4. ANALYSIS AND SUMMARY
In this section, we identify the steps taken to bridge the
Ninja gap with low programmer effort. The key steps taken
are to first perform a set of well-known algorithmic optimizations to overcome scaling bottlenecks, and secondly to
use the latest compiler technology for vectorization and parallelization. We now summarize our findings with respect to
the gains we achieve in each step.
4. 1 Algorithmic Changes
Algorithmic changes do require programmer effort and
some insights, but are essential to avoid vectorization issues
and bandwidth bottlenecks. Figure 5 shows the performance improvements due to set of well-known algorithmic
optimizations that we describe below.
AOS to SOA conversion: A common optimization that
helps prevent gathers and scatters in vectorized code is to
convert data structures from Array-Of-Structures (AOS)
to Structure-Of-Array (SOA). Separate arrays for each field
allows contiguous memory accesses when vectorization
is performed. AOS structures require gathers and scatters, which can impact both SIMD efficiency and introduce
extra bandwidth and latency for memory accesses. The
presence of a hardware gather/scatter mechanism does
not eliminate the need for this transformation—gather/
scatter accesses commonly need significantly higher bandwidth and latency than contiguous loads. Such transformations are advocated for a variety of architectures including
19 Figure 5 shows that for our benchmarks, AOS to
SOA conversion helped by an average of 1.4X.
Blocking: Blocking is a well-known optimization that
can help avoid bandwidth bottlenecks in a number of applications. The key idea is to exploit the inherent data reuse
available in the application by ensuring that data remains
in caches across multiple uses, both in the spatial domain
(1-D, 2-D, or 3-D), and temporal domain.
In terms of code change, blocking involves a combina-
tion of loop splitting and interchange. The code snippet in
Figure 6a shows an example of blocking NBody code. There
are two loops (body1 and body2) iterating over all bodies.
The original code on the top streams through the entire
set of bodies in the inner loop, and must load the body2
value from memory in each iteration. The blocked code is
of 1.4X (Figure 4a). This is because it operates simultane-
ously on 4 queries, and each query may traverse down a
different path — resulting in a gather operation. In order to
improve performance, we perform an algorithmic change,
and traversed 2 levels at a time (similar to SIMD width block-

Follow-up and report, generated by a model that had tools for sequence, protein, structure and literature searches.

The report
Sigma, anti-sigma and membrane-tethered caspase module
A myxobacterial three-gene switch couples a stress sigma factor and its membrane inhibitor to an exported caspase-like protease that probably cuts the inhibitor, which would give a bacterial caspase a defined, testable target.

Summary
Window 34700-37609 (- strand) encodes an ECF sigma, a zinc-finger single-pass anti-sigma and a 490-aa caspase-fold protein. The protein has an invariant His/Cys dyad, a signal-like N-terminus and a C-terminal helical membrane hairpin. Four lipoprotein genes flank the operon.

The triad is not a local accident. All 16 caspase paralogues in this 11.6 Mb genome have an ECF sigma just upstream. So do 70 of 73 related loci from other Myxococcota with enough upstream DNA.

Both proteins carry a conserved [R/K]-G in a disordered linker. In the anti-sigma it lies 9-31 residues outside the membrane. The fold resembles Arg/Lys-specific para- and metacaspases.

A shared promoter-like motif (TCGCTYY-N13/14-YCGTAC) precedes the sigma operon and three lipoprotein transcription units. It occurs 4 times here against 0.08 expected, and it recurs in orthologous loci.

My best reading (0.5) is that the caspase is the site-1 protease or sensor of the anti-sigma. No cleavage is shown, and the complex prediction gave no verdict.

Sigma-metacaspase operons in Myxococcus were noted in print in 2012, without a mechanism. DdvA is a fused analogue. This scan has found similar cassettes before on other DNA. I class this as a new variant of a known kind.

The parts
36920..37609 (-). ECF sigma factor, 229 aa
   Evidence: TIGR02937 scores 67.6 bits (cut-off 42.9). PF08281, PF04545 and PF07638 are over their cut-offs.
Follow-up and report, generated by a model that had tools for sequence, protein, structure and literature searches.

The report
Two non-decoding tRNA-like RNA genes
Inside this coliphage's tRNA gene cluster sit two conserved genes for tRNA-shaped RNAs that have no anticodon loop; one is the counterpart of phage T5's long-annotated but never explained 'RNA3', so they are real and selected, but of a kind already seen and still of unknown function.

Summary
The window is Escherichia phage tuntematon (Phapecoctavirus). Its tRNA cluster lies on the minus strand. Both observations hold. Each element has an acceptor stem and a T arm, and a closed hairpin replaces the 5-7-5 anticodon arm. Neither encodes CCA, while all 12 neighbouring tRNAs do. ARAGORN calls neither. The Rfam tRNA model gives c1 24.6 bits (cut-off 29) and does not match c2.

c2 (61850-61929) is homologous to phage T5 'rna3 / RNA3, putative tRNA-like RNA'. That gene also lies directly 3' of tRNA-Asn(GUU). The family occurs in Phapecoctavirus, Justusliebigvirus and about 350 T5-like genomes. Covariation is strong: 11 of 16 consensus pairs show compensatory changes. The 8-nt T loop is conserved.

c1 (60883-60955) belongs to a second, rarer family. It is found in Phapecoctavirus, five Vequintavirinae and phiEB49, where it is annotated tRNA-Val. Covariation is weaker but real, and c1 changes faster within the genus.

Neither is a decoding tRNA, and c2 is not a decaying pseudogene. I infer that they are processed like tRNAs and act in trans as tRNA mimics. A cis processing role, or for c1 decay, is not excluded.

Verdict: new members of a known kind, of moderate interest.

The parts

ing14). However, the compiler did not generate the described
code sequence, resulting in a 1.55X Ninja gap.
9. MergeSort: Our analysis is done for sorting an input
array with 256M elements. Figure 4a shows that we get a
1.2X scaling from auto-vectorization. This is due to gather
operations for merging four pairs of lists. Parallel scaling
is only 4.1X because the last few merge phases being bandwidth bound. In order to improve performance, we perform
the following two algorithmic changes. Firstly, we implement merging of lists using a merging network6 (code in
Section 4. 1). Secondly, in order to reduce the bandwidth
requirement, we perform multiple merge phases together.
The parallel scaling of the resultant code further speeds up
by 1.9X. The resultant performance is within 1.3X of the
10. 2D Convolution: We perform convolution of a 2 K × 2 K
image with a 5 × 5 kernel. The code consists of four loops.
Figure 4b shows that we obtained a benefit of 1.2X by loop
unrolling. We implemented the two inner loops using the
array notations technology. That enabled vectorization of the
outer loop, and scaled 3.8X with SIMD width. The thread-level parallelism was 6.2X. Our net performance was within
1.3X of the best-optimized code.
11. Volume Rendering: As shown in Figure 4b, we achieve
a TLP scaling of 8.7X (SMT of 1.5X). As far as DLP is concerned, earlier compiler versions did not vectorize the
code due to various control-intensive statements. However,
recent compilers vectorize the code using mask values for
each branch instruction, and using proper masks to execute
both execution paths for each branch. There is only a small
1.3X Ninja performance gap.
Summary: In this section, we analyzed each benchmark,
and reduced the Ninja gap to within 1. 1–1.6X by applying
necessary algorithmic changes coupled with the latest compiler technology.
SOA Conversion + Blocking + SIMD Friendly
Blocking SOA Conversion SIMD Friendly
Figure 5. Benefit of three different algorithmic changes to our
benchmarks normalized to code before any algorithmic change.
The effect of algorithmic changes is cumulative.
Libor Complex 1D BlackScholes
DLP + SOA
Figure 4. Breakdown of Ninja Performance Gap for Libor, Complex 1D
convolution, and BlackScholes. All benchmarks require AOS to SOA
conversion to obtain good SIMD scaling.